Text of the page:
23 February 2011

CAUT and the Christian University

The Canadian Association of University Teachers (CAUT) has decided to put a stop to its investigations of the few Christian universities in this country, although it intends to maintain a list of those institutions governed by a faith statement on the presumption that they infringe on the academic freedom of faculty. In the meantime one Todd Pettigrew, a blogger for Macleans magazine, has penned this measured assessment of my employer's educational mission: Irredeemable, with this summary: "Redeemer University College, according to its published statements, promotes religion over knowledge." In a followup to this post, Pettigrew magnanimously offers this: "My point is not that Redeemer should be forced to close, only that, in my view, it should not be allowed to call itself a university, and that it not be allowed to award credentials called degrees."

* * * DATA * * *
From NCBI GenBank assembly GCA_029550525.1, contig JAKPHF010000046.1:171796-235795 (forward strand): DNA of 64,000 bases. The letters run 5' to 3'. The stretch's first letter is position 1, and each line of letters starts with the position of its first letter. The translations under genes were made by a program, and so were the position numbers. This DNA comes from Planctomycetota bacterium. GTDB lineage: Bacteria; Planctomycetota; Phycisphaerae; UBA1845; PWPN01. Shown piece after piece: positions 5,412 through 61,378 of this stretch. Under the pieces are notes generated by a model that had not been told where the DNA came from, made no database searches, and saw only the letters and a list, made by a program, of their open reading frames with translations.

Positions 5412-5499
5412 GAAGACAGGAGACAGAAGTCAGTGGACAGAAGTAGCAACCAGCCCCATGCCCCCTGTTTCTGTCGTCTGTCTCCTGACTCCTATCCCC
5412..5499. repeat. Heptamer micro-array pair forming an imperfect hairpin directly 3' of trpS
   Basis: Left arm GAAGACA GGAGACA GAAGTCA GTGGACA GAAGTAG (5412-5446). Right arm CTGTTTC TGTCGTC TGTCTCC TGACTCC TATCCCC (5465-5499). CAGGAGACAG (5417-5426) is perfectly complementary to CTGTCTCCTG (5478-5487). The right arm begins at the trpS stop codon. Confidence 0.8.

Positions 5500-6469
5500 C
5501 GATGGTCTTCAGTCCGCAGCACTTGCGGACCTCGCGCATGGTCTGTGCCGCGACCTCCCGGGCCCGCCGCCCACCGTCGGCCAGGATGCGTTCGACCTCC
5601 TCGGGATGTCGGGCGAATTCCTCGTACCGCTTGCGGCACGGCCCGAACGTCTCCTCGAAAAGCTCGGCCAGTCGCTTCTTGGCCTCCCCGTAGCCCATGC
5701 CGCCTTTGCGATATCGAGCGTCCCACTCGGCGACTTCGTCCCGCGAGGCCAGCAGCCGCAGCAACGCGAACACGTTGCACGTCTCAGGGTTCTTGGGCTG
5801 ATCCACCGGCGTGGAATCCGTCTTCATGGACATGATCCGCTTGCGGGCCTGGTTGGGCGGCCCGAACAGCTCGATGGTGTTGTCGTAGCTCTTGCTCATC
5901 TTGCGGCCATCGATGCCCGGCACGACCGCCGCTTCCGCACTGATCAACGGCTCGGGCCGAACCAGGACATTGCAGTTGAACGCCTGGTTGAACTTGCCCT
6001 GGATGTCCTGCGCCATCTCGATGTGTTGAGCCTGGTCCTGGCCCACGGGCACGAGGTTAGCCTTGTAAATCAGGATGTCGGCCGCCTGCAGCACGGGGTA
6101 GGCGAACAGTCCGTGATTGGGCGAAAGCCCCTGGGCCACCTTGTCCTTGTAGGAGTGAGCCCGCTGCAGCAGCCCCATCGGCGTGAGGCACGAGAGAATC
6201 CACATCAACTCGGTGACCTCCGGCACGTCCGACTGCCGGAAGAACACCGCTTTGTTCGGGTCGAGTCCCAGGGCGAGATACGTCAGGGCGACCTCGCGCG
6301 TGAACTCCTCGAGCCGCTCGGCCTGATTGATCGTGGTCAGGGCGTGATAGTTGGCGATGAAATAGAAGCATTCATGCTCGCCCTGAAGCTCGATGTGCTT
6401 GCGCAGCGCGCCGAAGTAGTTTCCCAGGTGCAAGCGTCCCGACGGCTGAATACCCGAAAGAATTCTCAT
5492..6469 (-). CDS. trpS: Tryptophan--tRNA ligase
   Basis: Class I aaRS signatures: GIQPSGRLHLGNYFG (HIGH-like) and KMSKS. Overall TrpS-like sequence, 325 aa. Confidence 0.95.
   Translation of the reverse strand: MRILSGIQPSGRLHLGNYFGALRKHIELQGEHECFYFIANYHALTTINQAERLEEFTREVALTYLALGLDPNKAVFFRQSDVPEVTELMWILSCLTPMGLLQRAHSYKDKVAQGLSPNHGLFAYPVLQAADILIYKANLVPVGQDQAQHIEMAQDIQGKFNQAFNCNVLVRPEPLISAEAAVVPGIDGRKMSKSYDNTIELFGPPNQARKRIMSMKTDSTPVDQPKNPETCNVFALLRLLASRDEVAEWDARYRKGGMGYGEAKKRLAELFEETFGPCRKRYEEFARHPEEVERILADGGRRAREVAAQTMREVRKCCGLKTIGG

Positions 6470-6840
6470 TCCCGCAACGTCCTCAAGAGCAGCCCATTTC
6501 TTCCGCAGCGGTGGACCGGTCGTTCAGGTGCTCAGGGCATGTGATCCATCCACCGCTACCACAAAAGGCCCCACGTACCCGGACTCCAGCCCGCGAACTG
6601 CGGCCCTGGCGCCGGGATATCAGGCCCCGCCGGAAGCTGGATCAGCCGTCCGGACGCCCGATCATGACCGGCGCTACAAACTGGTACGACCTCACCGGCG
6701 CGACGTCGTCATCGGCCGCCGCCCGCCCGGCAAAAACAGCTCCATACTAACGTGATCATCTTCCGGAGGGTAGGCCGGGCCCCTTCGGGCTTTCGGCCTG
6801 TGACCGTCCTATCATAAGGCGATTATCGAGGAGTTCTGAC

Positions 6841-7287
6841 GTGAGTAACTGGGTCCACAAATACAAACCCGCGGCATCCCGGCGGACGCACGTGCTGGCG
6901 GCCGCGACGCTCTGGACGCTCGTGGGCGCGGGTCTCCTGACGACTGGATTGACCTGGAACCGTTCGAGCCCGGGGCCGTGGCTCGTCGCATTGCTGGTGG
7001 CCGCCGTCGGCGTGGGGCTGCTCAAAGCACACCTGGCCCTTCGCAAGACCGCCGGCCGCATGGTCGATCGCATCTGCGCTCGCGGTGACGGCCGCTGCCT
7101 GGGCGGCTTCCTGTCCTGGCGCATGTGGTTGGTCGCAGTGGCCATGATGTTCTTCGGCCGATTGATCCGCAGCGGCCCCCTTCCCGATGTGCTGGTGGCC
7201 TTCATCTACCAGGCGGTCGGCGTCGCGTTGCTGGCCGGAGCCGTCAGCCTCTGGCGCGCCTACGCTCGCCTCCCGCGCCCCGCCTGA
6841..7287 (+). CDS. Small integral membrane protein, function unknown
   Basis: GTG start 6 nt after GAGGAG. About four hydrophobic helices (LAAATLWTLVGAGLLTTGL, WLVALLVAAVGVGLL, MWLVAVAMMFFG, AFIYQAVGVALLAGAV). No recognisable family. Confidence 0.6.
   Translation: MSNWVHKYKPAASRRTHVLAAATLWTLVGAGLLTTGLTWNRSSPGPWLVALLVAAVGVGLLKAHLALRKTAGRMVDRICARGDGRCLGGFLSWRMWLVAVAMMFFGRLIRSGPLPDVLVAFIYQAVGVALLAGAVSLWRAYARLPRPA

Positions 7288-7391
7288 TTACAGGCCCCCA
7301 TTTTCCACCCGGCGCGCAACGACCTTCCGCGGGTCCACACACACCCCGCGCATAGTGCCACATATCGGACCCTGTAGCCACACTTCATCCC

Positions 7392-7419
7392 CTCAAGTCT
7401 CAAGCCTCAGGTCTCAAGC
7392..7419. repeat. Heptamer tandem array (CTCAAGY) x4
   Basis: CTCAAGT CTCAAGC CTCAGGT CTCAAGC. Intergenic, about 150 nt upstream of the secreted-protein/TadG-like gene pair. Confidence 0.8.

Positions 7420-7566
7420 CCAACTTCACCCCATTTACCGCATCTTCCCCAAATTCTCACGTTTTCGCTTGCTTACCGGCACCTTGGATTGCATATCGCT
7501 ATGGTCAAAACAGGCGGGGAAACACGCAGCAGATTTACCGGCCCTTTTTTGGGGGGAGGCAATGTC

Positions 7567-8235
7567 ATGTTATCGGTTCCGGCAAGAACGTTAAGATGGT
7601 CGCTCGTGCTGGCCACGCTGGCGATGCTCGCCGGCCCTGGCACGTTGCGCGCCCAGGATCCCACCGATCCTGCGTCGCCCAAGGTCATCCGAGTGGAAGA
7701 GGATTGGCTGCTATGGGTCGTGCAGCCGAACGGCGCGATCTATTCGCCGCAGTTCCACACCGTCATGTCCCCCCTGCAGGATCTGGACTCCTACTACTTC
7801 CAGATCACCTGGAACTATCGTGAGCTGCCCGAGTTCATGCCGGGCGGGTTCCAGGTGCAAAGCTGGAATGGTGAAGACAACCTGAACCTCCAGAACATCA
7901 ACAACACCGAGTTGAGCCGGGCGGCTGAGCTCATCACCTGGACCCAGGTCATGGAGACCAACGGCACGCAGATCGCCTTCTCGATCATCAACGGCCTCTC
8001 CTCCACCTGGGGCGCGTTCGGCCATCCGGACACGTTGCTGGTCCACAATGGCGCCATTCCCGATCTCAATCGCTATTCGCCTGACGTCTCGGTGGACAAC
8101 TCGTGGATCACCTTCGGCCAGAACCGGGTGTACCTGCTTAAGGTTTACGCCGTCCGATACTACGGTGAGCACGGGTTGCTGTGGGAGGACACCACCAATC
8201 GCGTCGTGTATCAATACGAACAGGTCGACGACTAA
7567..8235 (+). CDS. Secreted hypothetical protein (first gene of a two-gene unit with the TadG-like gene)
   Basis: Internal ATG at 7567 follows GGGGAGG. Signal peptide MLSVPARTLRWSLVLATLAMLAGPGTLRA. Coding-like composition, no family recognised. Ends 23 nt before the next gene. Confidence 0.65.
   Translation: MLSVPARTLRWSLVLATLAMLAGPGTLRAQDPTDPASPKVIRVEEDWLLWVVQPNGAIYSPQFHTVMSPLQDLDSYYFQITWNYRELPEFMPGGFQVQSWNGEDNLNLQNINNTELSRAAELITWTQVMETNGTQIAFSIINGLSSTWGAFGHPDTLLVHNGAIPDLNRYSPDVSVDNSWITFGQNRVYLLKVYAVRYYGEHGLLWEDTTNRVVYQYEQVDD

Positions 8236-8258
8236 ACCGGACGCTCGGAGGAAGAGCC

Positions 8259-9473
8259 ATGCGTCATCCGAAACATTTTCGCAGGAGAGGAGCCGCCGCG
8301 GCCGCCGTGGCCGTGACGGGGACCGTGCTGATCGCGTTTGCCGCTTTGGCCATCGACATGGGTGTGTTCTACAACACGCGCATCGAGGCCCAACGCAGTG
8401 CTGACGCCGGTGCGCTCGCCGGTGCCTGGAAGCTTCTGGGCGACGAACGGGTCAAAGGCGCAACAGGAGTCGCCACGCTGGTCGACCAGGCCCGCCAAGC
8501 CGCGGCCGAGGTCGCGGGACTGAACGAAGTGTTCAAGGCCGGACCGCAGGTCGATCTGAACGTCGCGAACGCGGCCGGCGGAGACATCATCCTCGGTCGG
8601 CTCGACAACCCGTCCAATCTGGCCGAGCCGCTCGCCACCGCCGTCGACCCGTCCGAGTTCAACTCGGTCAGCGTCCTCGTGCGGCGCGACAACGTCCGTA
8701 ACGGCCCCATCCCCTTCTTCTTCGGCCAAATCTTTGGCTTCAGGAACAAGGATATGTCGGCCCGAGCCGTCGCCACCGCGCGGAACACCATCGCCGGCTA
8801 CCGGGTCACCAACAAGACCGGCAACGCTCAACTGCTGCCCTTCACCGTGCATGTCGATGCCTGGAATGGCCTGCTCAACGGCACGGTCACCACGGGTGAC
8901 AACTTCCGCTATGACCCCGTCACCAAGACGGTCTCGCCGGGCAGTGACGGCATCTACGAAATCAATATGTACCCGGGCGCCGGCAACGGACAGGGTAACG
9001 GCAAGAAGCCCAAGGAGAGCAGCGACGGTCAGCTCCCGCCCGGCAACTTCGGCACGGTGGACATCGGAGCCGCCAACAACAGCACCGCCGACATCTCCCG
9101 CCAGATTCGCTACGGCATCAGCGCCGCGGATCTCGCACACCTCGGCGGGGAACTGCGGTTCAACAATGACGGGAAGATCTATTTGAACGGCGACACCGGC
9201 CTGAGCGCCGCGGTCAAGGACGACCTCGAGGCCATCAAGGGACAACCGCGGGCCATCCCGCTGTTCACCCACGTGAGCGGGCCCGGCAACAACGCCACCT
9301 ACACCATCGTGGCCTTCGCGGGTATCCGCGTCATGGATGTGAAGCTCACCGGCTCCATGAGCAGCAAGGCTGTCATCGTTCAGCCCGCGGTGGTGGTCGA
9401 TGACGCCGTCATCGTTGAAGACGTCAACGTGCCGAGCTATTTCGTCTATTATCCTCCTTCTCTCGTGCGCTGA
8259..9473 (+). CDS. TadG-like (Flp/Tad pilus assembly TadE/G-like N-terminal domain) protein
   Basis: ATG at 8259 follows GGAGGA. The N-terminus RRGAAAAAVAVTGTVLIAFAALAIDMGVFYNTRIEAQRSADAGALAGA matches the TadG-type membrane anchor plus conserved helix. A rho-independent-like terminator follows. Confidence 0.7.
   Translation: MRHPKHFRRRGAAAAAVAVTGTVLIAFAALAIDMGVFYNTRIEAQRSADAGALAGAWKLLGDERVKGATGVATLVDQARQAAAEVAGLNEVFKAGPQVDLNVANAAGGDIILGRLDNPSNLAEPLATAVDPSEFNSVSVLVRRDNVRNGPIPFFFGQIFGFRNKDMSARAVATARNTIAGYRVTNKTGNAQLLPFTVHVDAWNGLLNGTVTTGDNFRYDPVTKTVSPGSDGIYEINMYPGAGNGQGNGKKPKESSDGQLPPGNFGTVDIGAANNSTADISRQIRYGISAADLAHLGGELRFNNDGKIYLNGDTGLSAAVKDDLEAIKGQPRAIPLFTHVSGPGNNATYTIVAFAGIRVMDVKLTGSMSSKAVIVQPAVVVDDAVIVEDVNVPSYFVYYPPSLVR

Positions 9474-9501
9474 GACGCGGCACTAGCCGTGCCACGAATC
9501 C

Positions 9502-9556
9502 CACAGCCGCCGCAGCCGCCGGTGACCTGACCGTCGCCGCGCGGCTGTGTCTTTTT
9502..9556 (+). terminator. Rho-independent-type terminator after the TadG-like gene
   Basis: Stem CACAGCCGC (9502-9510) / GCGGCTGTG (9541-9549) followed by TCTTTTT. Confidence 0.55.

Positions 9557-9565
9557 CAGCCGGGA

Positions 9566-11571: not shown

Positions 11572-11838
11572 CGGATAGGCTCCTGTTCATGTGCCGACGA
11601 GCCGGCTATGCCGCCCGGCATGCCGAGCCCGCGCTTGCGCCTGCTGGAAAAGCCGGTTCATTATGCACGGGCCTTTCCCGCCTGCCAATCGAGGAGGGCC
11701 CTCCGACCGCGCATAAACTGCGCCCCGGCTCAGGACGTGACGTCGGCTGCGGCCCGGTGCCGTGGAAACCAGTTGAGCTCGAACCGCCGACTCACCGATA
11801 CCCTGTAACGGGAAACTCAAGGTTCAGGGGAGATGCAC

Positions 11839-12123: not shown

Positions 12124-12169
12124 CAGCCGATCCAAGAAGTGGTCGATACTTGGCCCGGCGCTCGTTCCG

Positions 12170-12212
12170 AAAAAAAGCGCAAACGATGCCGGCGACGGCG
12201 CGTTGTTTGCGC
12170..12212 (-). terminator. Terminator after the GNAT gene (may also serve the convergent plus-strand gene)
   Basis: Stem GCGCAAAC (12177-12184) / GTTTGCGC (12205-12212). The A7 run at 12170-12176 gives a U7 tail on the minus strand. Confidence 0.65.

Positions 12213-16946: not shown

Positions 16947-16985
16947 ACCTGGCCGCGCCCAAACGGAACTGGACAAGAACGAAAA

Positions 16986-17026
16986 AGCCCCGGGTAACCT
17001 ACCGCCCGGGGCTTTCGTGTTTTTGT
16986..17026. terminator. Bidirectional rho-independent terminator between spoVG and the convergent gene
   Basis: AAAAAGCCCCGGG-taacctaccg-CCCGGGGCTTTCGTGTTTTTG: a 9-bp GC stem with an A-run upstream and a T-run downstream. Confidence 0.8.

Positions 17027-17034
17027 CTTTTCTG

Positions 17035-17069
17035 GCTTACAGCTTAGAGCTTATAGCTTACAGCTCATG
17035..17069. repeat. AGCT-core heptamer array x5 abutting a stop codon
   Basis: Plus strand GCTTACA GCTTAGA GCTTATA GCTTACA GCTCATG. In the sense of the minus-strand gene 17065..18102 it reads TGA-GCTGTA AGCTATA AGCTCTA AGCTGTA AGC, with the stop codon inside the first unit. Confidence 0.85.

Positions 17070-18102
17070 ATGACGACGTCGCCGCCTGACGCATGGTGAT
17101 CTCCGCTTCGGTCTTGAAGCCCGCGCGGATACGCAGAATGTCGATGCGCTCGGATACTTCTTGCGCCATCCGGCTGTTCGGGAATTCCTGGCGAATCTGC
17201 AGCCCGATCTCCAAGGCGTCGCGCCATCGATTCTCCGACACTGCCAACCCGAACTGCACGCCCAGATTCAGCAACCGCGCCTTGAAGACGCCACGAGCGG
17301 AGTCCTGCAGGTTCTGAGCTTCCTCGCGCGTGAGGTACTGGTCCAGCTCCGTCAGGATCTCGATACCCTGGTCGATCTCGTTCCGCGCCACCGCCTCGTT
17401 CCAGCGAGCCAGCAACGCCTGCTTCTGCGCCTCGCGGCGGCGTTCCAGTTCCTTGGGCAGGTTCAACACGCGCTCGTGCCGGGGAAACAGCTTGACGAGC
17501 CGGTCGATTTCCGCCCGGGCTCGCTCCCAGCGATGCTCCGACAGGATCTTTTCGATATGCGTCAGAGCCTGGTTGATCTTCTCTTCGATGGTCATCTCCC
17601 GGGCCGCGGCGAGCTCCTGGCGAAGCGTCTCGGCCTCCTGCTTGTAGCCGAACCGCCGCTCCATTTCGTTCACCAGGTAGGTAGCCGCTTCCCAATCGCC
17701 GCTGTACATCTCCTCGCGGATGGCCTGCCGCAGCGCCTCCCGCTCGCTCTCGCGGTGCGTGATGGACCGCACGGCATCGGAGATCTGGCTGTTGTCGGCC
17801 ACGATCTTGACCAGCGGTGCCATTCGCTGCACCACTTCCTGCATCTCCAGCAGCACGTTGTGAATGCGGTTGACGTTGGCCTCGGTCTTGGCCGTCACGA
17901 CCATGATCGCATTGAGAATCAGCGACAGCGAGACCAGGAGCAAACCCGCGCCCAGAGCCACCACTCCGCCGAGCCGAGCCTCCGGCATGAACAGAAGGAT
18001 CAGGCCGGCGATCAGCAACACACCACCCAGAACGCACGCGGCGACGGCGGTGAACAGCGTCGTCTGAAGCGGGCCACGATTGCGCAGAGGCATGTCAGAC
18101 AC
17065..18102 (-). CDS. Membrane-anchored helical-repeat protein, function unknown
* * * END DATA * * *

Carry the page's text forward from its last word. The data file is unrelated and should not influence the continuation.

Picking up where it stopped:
The key to understanding Pettigrew's perspective can be found in book IV, chapter 8 of Rousseau's Social Contract, "On Civil Religion." What begins as a promise of tolerance quickly becomes perfectly intolerant of those who persist in believing in the tenets of their own religions.

In the meantime, I have written two letters to the editor, one in the local Hamilton Spectator and the other in the Canada-wide National Post, pointing out what should be obvious: that CAUT is in the grip of its own worldview from which it apparently brooks no dissent: CAUT imposes its own strict ideology on its members, and Caught up in CAUT's ideology.

To American readers, I call attention once more to the important work being done by Dr. Stanley Carlson-Thies with the Institutional Religious Freedom Alliance, whose mission is to safeguard "the religious identity and faith-shaped standards and services of faith-based organizations, enabling them to make their distinctive and best contributions to the common good." In a context where freedom of religion is understood in narrowly individualistic terms, IRFA deserves all of our support. Perhaps it's time to extend its work north of the 49th parallel.

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